- Patient Presentation
- Differential Diagnosis
- Final Outcome
- Evaluation - Questions & answers
A 59 year old male presents to the medical out patient department with a one month history of progressively increasing fatigue and backache.
This case study was kindly provided by Dr Monica Mercer, MBChB from Immunopaedia
For the last month the patient has been feeling exhausted for no apparent reason and due to this extreme tiredness, is finding it difficult to work and look after himself. He comes home in the late afternoon often too tired to eat and goes straight to bed; a change from his former energetic lifestyle.
He has also been complaining of some backache which he treats with over the counter analgesics and he has been suffering from more colds and flu then usual over the last year.
He has also found that for the last 6 months there has been a decline in his ability to speak clearly. His tongue has enlarged and become firm which makes moving it for speech formation and eating solid foods difficult and at times painful.
He has had an unintentional weight loss of ± 15kg in the last 6 months.
Past medical history
Previously well, no chronic disease, no previous admissions.
Past surgical history
No history of any surgical procedures.
- Father died of a myocardial infarction at age 63 yrs with hypercholesterolaemia.
- Mother has hypertension on treatment and reports good control.
- No positive family history for any other chronic diseases including diabetes and cancer.
- Lives alone in a town house.
- Employed as an accountant.
- 30 year history of smoking.
- Significant alcohol history for 12 years, now in recovery for the last 5 years.
- Vitamin B12/folate deficiency
- Heart failure
- Multiple myeloma
- Monoclonal gammopathy of undetermined significance (MGUS)
- Waldenstrom’s macroglobulinaemia
- Ill looking, pale and underweight middle-aged gentleman
- Awake and alert, able to give an accurate history
- Significant dysarthria for the last 3 months, making him difficult to understand.
- Blood pressure 100/68
- Heart rate 84
- Respiratory rate 18
- Mild pallor
- No lymphadenopathy
- No signs of dehydration
- No jaundice
- No oedema
- No stigmata of HIV
- Tongue red and enlarged with deep imprints from the teeth on both sides of the tongue. Very reduced mobility; unable to protrude or lift up and very limited sideways movement.
- Trachea centrally located.
- Chest clear on auscultation.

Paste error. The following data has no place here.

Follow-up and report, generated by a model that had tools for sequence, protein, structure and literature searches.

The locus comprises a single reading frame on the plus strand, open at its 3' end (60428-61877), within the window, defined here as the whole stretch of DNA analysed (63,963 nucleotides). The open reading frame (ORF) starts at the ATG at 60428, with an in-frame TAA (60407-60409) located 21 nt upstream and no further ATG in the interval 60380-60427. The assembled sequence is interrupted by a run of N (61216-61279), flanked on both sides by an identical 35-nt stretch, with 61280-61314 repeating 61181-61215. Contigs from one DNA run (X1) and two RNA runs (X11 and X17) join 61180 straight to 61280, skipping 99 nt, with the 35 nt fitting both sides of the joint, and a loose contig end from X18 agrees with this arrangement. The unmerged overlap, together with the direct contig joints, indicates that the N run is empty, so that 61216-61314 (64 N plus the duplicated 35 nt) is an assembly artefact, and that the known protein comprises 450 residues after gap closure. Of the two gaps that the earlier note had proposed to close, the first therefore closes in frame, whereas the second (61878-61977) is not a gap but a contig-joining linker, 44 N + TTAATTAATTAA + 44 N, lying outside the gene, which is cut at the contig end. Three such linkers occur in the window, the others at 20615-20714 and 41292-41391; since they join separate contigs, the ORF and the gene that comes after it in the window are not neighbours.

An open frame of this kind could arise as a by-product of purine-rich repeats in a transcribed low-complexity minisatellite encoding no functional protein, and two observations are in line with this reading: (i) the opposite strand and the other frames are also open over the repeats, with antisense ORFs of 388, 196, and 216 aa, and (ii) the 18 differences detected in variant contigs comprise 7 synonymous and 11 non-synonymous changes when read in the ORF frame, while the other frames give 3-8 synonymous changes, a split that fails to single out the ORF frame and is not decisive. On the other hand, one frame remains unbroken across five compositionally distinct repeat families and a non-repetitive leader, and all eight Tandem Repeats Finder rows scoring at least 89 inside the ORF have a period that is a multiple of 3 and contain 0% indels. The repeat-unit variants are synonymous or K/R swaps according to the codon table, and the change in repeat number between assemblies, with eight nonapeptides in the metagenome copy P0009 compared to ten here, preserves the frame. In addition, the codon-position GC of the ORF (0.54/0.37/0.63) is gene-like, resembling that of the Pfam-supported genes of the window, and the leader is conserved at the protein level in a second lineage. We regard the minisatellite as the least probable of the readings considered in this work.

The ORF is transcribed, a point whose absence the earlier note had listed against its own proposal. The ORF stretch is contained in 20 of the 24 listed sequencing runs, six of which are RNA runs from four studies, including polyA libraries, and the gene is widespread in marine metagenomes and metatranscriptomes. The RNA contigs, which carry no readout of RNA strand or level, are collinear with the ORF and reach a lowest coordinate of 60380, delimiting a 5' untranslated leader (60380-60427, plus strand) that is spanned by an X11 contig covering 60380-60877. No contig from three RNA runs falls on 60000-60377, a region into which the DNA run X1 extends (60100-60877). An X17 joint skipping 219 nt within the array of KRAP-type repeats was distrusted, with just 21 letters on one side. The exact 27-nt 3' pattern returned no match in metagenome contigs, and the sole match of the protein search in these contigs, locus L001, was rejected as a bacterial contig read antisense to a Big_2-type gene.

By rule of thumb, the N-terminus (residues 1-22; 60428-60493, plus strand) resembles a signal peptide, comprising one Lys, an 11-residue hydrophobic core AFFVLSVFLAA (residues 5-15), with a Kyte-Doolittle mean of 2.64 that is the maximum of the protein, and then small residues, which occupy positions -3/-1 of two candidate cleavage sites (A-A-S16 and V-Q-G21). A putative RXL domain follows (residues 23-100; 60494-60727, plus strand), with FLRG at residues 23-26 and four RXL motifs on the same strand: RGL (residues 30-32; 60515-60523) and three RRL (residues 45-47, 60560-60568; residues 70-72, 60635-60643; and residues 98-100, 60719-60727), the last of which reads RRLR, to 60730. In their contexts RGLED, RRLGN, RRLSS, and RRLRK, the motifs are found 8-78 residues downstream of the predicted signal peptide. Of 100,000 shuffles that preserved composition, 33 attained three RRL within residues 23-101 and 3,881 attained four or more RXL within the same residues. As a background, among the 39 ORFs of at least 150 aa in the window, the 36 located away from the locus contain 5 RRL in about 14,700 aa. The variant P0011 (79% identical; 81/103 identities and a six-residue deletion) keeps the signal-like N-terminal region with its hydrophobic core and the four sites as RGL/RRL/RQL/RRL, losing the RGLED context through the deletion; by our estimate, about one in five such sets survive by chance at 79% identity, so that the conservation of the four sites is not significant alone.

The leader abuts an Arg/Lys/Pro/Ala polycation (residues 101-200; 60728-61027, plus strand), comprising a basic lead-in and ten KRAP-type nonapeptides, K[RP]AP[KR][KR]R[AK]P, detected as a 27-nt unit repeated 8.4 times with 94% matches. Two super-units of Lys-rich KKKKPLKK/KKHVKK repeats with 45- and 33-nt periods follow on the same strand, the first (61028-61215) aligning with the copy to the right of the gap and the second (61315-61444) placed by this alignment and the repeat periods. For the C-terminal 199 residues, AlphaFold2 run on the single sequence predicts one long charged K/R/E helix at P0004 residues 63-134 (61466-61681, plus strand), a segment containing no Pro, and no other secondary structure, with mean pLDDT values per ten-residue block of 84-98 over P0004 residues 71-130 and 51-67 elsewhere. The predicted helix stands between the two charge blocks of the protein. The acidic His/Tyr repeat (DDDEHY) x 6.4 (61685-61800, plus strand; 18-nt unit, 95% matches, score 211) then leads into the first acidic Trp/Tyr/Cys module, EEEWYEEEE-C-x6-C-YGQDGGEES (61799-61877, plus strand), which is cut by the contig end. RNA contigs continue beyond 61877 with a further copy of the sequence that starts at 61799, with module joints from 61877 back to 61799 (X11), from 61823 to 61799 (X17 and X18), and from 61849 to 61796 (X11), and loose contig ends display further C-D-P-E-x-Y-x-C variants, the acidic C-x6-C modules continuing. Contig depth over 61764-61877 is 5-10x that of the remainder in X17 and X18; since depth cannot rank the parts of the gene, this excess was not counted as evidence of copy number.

- No raised JVP
- Normally placed apex beat
- S1 and S2 heart sounds present, no murmurs.
- No abnormalities detected
- Not distended
- Soft and non tender
- Bowel sounds present
- No abnormalities detected
- Higher function intact, although difficult to understand
- Gait normal
- Power 5/5 globally
- Tone normal globally
- Reflexes 2/4 for both upper and lower limbs
- No abnormalities detected
- Some small bruises on arms and legs of various ages
- No rashes
- No petaechial bleeds
|admission||Day 3||Day 6||Day 9|
|Hepatitis studies, A, B and C||All negative|
|Bence Jones Protein||Positive|
|Bone Marrow Aspirate- phenotypic markers:|
|CD38||Increased levels detected|
|CD138||Increased levels detected|
|Protein Electrophoresis||M band|
This case study looks at a disease caused by the accumulation of neoplastic plasma B cells in bone marrow, which produce a monoclonal immunoglobulin protein found in the serum or urine. In serum, this is called an M protein or paraprotein. In urine, Bence-Jones proteins can be found which are specifically immunoglobulin light chains. We will examine the immunological basis of multiple myeloma, which is marked by upregulation of osteoclast activity due to overexpression of cytokines, causing lytic bone lesions. Multiple myeloma occurs in both men and women, but more common in men and manifests from age 40 with a peak at 60 years.
In this discussion we will look at the destructive disease process which symbolises multiple myeloma with the aid of our full colour graphics.
Multiple myeloma is a malignancy of B cells, specifically plasma cells, which is caused by abnormal genetic changes in B cells activated in the post-germinal centre of secondary lymphoid organs. B cells express cell-surface receptors that recognise antigens displayed on follicular dendritic cells in the germinal centres and become primed. CD4 T cell help is then required for differentiation and maturation into antibody-producing plasma cells. In individuals predisposed to multiple myeloma, DNA damage can occur following activation of B cells in the germinal centre. Specifically, abnormal DNA recombination occurs during isotype switching and affinity maturation. This results in translocation of the heavy and/or light immunoglobulin genes to other chromosomes, which influence the regulation of oncogenes or cell-proliferation genes. This primary event generates a malignant phenotype, which can be followed by secondary genetic alterations such as loss or duplication of chromosomes or genetic mutations affecting the expression of tumour-suppressor genes or oncoproteins.
Collectively, the genetic aberrations commonly found include:
- Translocation of immunoglobulin heavy chain coding regions onto other chromosomes located near proto-oncogenes (c-myc, n-myc and MAF) or cell- proliferation proteins (cyclin D, FGFR3, MMSET).
- Duplication of chromosomes (3, 5, 7, 9 11 and 21) or loss of chromosomes (13).
- Mutations in oncoproteins (N-ras and K-ras) or in tumour suppressor genes (p53).
Following the maturation process and isotype switching, myeloma plasma B cells produce monoclonal antibodies, although non-secretory or light chain only forms are known. This can occur with any of the immunoglobulins, IgG being the most common, IgA and IgE occurring intermediately and IgD and IgM occurring rarely; as in this case study (IgM gammopathy).
Myeloma plasma B cells constitutively produce monoclonal immunoglobulins resulting in a gammopathy, which can cause amyloidosis due to deposition of excess insoluble proteins. Common sites for this include the tongue, kidneys and heart, as in this presenting case.
Myeloma plasma B cells migrate to the bone marrow. This homing is regulated by the chemokine stromal cell derived factor-alpha (SDF-1α) binding to the CXCR4 receptor, expressed on the myeloma plasma B cell. The myeloma plasma B cells also express cellular adhesion molecules, which interact with bone marrow stromal cell ligand. This interaction maintains myeloma B cells in an anti-apoptotic state and unresponsive to chemotherapeutic drugs.